Volume 94, Issue 24

Thursday, October 12, 2000


ARTS AND ENTERTAINMENT

Ska music's royal family

Rosa serves it up with flair

DeNiro is devil dad

Bio bashes Nixon

Ska music's royal family




Gazette File Photo
"WHAT DO YOU MEAN, THE BEAT MOVEMENT IS OVER?" Stylish ska practioners, The Kingpins, will kick it Jamacian style at Call The Office tonight, with local favourites Angry Agency.




By Matt Pearson
Gazette Staff



The Kingpins have a plan. It involves taking over the Canadian ska scene with an energetic live show, dressed to perfection in suit coats and thin ties.

The Montreal band is currently on the road in support of their latest release, Plan of Action. As lead singer Lorraine Muller quips, the new album offers quite a different flavour. "This third album is a total departure. It was very stressful and scary because it was such a new direction. We thought, 'This doesn't sound anything like the Kingpins'," she laughs.

To their relief, the Kingpins' new album is doing well commercially. Still, Muller is realistic about album sales. "If we don't sell albums, I'm not going to have a vehicle to tour in or a house to live in. I want the band to continue having fun and in order to do that, sales are important," she explains, adding a number of videos will be released over the next couple months, in hopes of providing listeners with a visual idea of who the band is.

Muller, who has been with the band since its inception in 1995, has a clear understanding of ska's history and variations. The Kingpins maintain they are rooted in traditional Jamaican ska. Despite these Jamaican roots, ska also comes wrapped in a bacon-soaked, beaver-loving Canadian sweater. "There is absolutely a Canadian ska sound, but you can sort of regionalize it," Muller asserts. "Each Canadian ska band has a distinctive sound – I don't think there are two ska bands that have the same sound in Canada."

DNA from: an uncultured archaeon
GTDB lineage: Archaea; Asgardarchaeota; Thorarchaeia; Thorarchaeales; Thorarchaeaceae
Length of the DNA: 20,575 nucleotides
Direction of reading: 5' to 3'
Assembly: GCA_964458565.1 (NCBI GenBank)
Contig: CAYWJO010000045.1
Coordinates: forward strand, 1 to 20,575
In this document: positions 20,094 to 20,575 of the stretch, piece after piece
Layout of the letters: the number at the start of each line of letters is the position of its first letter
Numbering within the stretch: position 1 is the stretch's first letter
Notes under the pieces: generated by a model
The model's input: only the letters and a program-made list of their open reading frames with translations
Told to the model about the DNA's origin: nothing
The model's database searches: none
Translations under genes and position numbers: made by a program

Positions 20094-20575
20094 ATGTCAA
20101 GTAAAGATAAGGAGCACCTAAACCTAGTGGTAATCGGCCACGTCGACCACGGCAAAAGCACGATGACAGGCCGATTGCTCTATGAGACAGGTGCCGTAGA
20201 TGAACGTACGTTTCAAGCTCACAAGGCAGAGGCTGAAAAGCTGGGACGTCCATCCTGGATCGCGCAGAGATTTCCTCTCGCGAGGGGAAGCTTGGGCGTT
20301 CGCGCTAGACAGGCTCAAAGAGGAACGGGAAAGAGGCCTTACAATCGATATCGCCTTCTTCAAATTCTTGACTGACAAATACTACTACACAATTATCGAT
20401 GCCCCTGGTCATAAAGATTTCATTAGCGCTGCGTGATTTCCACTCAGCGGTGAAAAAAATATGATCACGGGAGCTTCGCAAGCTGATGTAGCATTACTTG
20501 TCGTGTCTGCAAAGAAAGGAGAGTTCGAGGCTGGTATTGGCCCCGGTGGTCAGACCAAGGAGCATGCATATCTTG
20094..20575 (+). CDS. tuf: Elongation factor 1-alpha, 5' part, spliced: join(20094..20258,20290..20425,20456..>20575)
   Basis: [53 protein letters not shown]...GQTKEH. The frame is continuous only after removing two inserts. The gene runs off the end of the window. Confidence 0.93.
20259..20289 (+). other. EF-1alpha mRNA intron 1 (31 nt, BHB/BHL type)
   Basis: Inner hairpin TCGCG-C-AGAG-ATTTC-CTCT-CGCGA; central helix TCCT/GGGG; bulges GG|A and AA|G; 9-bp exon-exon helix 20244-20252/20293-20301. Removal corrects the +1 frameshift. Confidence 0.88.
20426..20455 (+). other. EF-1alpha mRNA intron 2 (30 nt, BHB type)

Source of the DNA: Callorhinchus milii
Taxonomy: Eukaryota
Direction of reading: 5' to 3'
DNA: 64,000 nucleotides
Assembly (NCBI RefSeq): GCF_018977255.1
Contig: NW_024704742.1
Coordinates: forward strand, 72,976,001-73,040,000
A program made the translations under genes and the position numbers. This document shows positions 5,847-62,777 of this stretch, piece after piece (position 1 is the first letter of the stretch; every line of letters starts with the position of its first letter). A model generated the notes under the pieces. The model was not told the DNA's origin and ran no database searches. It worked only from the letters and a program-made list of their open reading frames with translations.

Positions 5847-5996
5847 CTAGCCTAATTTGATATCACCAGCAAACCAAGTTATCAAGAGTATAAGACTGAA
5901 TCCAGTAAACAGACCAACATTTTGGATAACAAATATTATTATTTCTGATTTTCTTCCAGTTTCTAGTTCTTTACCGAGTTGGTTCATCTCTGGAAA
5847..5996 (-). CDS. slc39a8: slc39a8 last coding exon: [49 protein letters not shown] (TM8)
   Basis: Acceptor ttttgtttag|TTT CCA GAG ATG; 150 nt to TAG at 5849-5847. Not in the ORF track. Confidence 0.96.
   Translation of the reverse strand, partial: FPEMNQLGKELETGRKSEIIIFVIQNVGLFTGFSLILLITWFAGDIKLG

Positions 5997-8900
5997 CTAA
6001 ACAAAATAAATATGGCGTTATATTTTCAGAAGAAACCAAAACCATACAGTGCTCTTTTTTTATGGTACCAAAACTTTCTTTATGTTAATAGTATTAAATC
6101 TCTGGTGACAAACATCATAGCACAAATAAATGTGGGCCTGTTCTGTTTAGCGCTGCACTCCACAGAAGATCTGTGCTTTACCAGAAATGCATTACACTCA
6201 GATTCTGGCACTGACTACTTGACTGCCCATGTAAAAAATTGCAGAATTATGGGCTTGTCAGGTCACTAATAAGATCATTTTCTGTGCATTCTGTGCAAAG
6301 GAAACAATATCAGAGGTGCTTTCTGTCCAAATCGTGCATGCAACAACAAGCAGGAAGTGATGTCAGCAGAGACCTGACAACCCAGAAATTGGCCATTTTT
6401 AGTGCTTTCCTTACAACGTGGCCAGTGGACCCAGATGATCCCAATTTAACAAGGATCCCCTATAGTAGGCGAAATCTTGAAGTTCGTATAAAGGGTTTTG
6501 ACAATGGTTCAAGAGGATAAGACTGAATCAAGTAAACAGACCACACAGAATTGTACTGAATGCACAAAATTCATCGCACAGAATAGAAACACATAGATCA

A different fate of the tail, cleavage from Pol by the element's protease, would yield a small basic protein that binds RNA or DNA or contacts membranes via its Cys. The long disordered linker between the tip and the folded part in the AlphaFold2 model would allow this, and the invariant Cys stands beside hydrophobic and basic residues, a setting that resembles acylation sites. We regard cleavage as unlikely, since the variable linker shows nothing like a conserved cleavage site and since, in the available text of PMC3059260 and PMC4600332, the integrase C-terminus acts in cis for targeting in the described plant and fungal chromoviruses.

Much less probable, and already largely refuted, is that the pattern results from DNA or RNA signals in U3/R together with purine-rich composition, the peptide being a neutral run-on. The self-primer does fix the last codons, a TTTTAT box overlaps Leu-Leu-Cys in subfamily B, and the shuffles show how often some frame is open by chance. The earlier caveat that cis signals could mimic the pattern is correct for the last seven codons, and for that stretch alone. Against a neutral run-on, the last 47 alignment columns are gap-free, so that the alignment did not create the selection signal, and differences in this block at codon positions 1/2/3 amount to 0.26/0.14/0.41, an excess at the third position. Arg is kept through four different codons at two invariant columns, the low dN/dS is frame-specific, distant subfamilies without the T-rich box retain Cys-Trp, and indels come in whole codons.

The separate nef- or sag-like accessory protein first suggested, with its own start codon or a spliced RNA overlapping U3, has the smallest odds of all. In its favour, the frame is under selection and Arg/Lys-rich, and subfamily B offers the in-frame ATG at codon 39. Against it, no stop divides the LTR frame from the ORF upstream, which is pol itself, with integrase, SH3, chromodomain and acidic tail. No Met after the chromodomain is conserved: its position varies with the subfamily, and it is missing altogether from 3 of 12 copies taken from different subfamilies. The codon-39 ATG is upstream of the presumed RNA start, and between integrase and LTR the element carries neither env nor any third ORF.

The world of ska, which experienced a re-emergence in the latter half of the 1990s, has come a long way according to Muller. "Every band tries to discover something new. It's not a great thing to put out an album that sounds like all of your other albums; that's using a formula that works," she explains.

If the Kingpins ever had a formula, it was surely turned on its head when their former frontman left the band to pursue other ventures. By no plan of her own, Muller inherited the role of lead singer and spokesperson. However, she does not find the burden of responsibility too great, as she has been managing the band since 1997. "Losing our frontman changed the feel of our band. I'm now the face. I'm the person people look to. I feel comfortable in the role, but it was a huge change," Muller confesses.

As any avid ska fan will tell you, the music is definitely experienced best in a live show. "It's dancing music," she laughs. "Whether it's live or played, it should be played in a club where there's dancing. It's not fair to play it where you're just sitting around having beer. I mean, it's okay, but it's not background music."

Muller gushes, "I'm so happy to be involved in a form of music that's lively and gets people up and dancing," adding that bands dedicated to maintaining the traditions of ska usually dress well on stage. "It makes you feel a little bit more like a unit. When you're onstage and you present yourself as one well-dressed unit, it feels better," she explains. Muller's ideal ska look involves a very specific type of suit, with small lapels and three buttons, usually worn with skinny ties.

As the band's recently appointed spokesperson, Lorraine Muller seems quite comfortable in her skin. "I see this as what I'd like to do for the rest of my life and if I don't have to 'work' to pay my rent, I'd appreciate that, too. If I didn't have to worry about money, then I wouldn't have any other worries."


To Contact The Arts and Entertainment Department:
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Copyright The Gazette 2000